NHS to launch online COVID-19 rehab service
A new on-demand recovery service is being set up to help people with the long-term effects of coronavirus.
Your COVID Recovery will see nurses and physiotherapists available to reply to patients’ needs either online or over the phone.
It forms part of NHS plans to expand access to COVID-19 rehabilitation treatments for those who have survived the virus but still have problems with breathing, mental health or other complications.
Those who have had the virus will have access to a face-to-face consultation with their local rehabilitation team.
Following this initial assessment, those who need it will be offered a personalised package of online-based aftercare lasting up to 12 weeks, available later this summer.
COVID-19 patient rehabilitation guide
A new booklet aims to provide patients and their families with information on all aspects of the COVID-19 rehabilitation process.
A group of Allied Health Professionals from Leeds Teaching Hospitals NHS Trust developed the booklet from original work by the Liverpool Heart and Chest Hospital.
Key areas include breathing, exercise, diet, swallowing and speech, fatigue and post traumatic stress.
Additional support for pregnant women from Black, Asian and minority ethnic backgrounds
NHS England is rolling out additional support for pregnant women from Black, Asian and minority ethnic backgrounds, as new research shows black pregnant women are eight times more likely to be admitted to hospital with COVID-19, while Asian women are four times as likely.
Women from Black, Asian and minority ethnic backgrounds have long been known to face additional maternity risks, with maternal mortality rates significantly higher than for white women.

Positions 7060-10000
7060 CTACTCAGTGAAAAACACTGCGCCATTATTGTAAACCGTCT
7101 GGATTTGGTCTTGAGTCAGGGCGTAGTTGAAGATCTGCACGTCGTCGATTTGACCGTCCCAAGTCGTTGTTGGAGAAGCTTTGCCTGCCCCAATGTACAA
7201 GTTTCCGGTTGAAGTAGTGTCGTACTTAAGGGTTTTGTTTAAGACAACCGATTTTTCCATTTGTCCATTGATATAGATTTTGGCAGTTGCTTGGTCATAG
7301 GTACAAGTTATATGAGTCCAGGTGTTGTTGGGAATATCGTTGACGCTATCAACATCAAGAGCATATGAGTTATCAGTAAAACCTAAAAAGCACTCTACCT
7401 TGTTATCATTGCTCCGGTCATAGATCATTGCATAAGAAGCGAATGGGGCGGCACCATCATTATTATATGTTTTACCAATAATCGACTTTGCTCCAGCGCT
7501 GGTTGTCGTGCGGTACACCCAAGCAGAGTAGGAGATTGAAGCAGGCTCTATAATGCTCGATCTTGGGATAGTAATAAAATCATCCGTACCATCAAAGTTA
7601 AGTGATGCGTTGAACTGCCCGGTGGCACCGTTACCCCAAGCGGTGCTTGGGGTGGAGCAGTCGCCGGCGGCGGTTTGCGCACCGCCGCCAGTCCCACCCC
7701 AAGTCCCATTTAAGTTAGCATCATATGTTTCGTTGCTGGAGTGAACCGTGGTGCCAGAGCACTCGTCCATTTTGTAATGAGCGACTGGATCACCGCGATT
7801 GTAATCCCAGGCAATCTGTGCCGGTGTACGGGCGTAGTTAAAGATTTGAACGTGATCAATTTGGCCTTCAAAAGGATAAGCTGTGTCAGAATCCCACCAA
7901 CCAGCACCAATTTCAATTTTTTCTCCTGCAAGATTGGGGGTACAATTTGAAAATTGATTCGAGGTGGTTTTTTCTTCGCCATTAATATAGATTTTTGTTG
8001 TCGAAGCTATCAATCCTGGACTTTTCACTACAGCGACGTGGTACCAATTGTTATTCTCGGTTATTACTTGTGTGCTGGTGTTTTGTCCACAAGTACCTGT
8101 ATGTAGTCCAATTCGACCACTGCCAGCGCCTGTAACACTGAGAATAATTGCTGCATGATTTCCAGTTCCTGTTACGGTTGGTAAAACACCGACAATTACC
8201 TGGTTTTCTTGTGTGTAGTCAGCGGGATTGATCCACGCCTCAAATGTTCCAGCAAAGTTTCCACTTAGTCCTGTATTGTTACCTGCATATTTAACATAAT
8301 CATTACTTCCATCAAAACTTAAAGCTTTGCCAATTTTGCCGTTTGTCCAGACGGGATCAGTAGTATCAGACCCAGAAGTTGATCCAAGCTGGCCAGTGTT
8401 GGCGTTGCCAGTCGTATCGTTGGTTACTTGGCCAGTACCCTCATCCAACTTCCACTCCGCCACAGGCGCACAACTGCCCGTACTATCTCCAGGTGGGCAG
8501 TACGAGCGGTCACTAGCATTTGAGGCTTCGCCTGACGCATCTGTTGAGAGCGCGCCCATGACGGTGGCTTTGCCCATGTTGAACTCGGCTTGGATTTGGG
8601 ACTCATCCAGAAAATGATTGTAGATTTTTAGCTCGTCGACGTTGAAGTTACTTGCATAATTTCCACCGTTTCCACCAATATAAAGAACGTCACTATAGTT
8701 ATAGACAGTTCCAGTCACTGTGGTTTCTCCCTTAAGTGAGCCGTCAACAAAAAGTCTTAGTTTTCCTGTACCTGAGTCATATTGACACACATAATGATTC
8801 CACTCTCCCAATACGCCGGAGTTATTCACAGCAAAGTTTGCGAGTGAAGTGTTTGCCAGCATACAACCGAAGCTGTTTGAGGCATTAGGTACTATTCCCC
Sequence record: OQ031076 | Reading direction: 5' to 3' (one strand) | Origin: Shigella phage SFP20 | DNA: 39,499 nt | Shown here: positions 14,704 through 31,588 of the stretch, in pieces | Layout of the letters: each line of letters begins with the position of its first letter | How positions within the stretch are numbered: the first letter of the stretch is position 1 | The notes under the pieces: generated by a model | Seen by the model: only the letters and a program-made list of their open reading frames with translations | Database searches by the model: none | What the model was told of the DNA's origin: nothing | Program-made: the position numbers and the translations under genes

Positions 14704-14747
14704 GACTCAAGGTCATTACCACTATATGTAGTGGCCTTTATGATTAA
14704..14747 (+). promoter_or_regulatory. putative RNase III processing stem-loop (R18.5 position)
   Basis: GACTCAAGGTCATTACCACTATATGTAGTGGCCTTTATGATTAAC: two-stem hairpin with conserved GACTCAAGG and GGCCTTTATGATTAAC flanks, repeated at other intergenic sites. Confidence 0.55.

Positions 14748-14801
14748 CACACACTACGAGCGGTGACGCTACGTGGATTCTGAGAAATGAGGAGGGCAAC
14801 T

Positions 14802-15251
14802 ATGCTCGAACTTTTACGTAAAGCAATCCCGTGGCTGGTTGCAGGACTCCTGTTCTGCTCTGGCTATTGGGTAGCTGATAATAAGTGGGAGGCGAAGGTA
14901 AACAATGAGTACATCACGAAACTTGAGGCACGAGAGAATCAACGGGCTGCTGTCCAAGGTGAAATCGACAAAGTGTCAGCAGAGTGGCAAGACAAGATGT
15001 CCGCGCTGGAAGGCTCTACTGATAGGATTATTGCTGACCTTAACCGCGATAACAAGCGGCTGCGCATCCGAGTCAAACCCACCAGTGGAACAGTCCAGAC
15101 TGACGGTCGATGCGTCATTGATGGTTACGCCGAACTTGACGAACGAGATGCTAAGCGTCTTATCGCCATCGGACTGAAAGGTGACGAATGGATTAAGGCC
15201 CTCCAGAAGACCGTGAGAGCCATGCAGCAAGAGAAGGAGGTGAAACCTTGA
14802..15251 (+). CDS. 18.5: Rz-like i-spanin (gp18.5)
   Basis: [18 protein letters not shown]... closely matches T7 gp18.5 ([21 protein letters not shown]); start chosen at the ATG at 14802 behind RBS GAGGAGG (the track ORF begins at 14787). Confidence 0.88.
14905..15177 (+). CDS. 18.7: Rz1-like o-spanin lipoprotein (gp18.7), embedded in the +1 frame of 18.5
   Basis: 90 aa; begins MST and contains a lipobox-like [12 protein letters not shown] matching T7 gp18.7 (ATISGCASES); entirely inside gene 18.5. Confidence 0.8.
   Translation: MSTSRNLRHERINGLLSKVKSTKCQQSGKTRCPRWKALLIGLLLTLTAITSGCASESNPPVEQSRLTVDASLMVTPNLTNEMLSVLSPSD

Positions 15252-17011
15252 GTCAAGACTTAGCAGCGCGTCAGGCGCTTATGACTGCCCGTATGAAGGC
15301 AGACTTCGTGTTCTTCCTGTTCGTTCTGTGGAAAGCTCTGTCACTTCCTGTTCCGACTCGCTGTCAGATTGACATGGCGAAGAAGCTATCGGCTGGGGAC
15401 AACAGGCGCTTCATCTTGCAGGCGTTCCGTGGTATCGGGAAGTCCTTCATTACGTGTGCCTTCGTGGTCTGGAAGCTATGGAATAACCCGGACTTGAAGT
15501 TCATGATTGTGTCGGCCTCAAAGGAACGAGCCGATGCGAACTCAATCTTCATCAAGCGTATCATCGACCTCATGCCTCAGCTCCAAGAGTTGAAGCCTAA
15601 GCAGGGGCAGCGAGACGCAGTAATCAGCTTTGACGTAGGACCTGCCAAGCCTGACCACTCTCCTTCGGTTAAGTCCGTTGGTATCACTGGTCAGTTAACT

Now, research from Oxford University has shown 55% of the pregnant women admitted to hospital with COVID-19 are from a Black, Asian and minority ethnic background, despite only making up a quarter of the births in England and Wales.
England’s most senior midwife, Jacqueline Dunkley-Bent, has written to all maternity units in the country calling on them to take four actions to minimise the additional risk of COVID-19 for women from Black, Asian and minority ethnic backgrounds and their babies. They are:
- Increasing support of at-risk pregnant women. For example, making sure clinicians have a lower threshold to review, admit and consider multidisciplinary escalation
- Reaching out to pregnant women from Black, Asian and minority ethnic backgrounds with tailored communications
- Ensuring hospitals discuss vitamins, supplements and nutrition in pregnancy with all women
- Ensuring all providers record the ethnicity of every woman, as well as other risk factors
Barriers to accessing mental health support during a pandemic
A new report by PIF member Mind aims to understand the impact of coronavirus on people with mental health problems.
More than 16,000 people shared their experiences of mental health during the pandemic for the research.
Of those, one in three adults and more than one in four young people said they did not access support during lockdown because they did not think they deserved it.
A quarter of adults and young people who tried to access support were unable to do so.
Not feeling comfortable using phone or video call technology was one of the main barriers to accessing support.
COVID-19 risk assessment
An occupational risk assessment tool is being used to help assess an individual's vulnerability to COVID-19.
Covid-age, developed by the Association of Local Authority Medical Advisors, summarises vulnerability for combinations of risk factors including age, sex and ethnicity and various health problems.
The tool 'translates' the risk associated with each risk factor into years which are added to, or subtracted from, an individual’s actual age.
This then gives a single overall measure of vulnerability.
Accessible COVID-19 Test and Protect information